https://video.wixstatic.com/video/4dc8bf_0a4251d0a604442cabdad21a0053394a/1080p/mp4/file.mp4 If you are thinking about making a publicly advertised offering for securities with a target raise of more than $10 million you might want to ask an attorney about Regulation A+. As a result of the Jumpstart Our Business Startups (JOBS) Act of 2012, the Securities and Exchange Commission (SEC) issued final rules that amended Regulation A into Regulation A+. This regulation provides another opportunity for small business owners to access capital from both accredited and non-accredited investors, while also protecting investors. There are two tiers of offerings for securities under Regulation A+ . Tier 1 allows for securities…
If you are thinking about making a publicly advertised offering for securities with a target raise of more than $10 million you might want to ask an attorney about Regulation A+. As a result of the Jumpstart Our Business Startups (JOBS) Act of 2012, the Securities and Exchange Commission (SEC) issued final rules that amended Regulation A into Regulation A+. This regulation provides another opportunity for small business owners to access capital from both accredited and non-accredited investors, while also protecting investors. There are two tiers of offerings for securities under Regulation A+ . Tier 1 allows for securities offerings…
https://video.wixstatic.com/video/4dc8bf_4f8572ca12574c3aa6458e4b762ba3ce/720p/mp4/file.mp4 The Securities and Exchange Commission (SEC) created the notion of “accredited investors” to ease the tension between their double duty to protect individual investors in private securities offerings and to facilitate capital formation and investment. An” accredited investor” is an individual or an entity that is presumed to not require the protection of federal or state securities laws due to their income or net worth. Currently, an accredited investor is defined by the SEC as any natural person who has over $200,000 in annual income in each of the two most recent years or over $1,000,000 in net worth,…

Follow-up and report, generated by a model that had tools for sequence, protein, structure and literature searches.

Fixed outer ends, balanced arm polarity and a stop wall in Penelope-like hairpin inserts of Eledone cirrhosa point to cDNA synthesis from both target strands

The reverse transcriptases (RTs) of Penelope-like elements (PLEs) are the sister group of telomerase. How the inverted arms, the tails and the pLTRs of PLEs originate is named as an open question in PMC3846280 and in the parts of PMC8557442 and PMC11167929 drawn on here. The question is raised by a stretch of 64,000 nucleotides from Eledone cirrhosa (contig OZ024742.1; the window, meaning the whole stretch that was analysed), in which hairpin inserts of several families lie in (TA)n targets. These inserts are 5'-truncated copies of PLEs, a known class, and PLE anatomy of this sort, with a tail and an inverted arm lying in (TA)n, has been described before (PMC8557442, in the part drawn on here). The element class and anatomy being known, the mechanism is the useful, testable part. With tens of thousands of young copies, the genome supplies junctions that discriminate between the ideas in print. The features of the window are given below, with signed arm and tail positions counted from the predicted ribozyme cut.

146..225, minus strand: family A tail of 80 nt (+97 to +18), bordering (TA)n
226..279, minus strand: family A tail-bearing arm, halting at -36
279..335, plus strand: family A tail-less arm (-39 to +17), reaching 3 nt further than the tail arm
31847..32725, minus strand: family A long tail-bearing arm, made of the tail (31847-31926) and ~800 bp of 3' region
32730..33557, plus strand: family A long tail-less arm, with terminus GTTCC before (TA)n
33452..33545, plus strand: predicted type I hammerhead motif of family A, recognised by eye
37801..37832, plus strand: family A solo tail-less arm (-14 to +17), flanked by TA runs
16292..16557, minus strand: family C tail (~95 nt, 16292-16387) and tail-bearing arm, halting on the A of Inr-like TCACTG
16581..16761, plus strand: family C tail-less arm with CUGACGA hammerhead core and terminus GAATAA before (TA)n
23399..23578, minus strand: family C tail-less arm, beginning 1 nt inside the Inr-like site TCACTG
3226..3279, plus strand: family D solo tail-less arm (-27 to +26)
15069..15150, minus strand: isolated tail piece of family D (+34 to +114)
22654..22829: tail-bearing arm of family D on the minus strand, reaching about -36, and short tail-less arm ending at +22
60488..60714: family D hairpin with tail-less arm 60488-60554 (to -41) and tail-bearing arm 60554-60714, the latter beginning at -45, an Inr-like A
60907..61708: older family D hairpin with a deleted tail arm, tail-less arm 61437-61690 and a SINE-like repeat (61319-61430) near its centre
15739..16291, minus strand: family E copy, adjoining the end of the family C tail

https://video.wixstatic.com/video/4dc8bf_964fd7558d9e4a76a1876612666b5f3c/1080p/mp4/file.mp4 At the root of cooperatives is the African-American community. However, many Black cooperatives throughout history found it hard to sustain themselves due to the lack of sufficient capital in the community. This is true for many cooperatives, but especially for Black cooperatives. This blog is going to highlight the African American history of cooperatives and also provide information on how a cooperative, especially one owned and controlled by marginalized communities, can raise capital to fund its enterprise. Before we begin, it is important to note that you should always consult a securities attorney when considering raising capital from investors.…
https://video.wixstatic.com/video/4dc8bf_e852c5ebbc0f4393b352ff6d5be76b03/1080p/mp4/file.mp4 Lack of access to financial capital is a barrier for many entrepreneurs who seek to grow their business ventures. Congress and the Obama Administration enacted the Jumpstart Our Business Startups Act (JOBS) Act to help solve this lack of access to financial capital by democratizing the entrepreneurial ecosystem through investment crowdfunding. The JOBS Act established crowdfunding provisions that allow early-stage businesses to offer and sell securities up to a certain dollar limit, adjusted for inflation every five years, without having to register this offer with the U.S. Securities Exchange Commission (SEC). The main idea behind the JOBS Act was…
https://video.wixstatic.com/video/4dc8bf_5e4ff5dcc13b48168d083170c3cc8d6b/1080p/mp4/file.mp4 As we continue to navigate through this pandemic, now more than ever, entrepreneurs have to get creative when it comes to funding their businesses. This includes creating crowdfunding campaigns that target social media followers, clients, customers, and other supporters in order to raise through small individual contributions from a large number of people. In fact, regulation crowdfunding has grown in popularity with more and more startups and small businesses using it as a premiere way to raise early-stage capital. For example, Aisha Grant raised $82,000 from over 1,700 donors to help capitalize Salt Eaters. Just as Aisha, one can…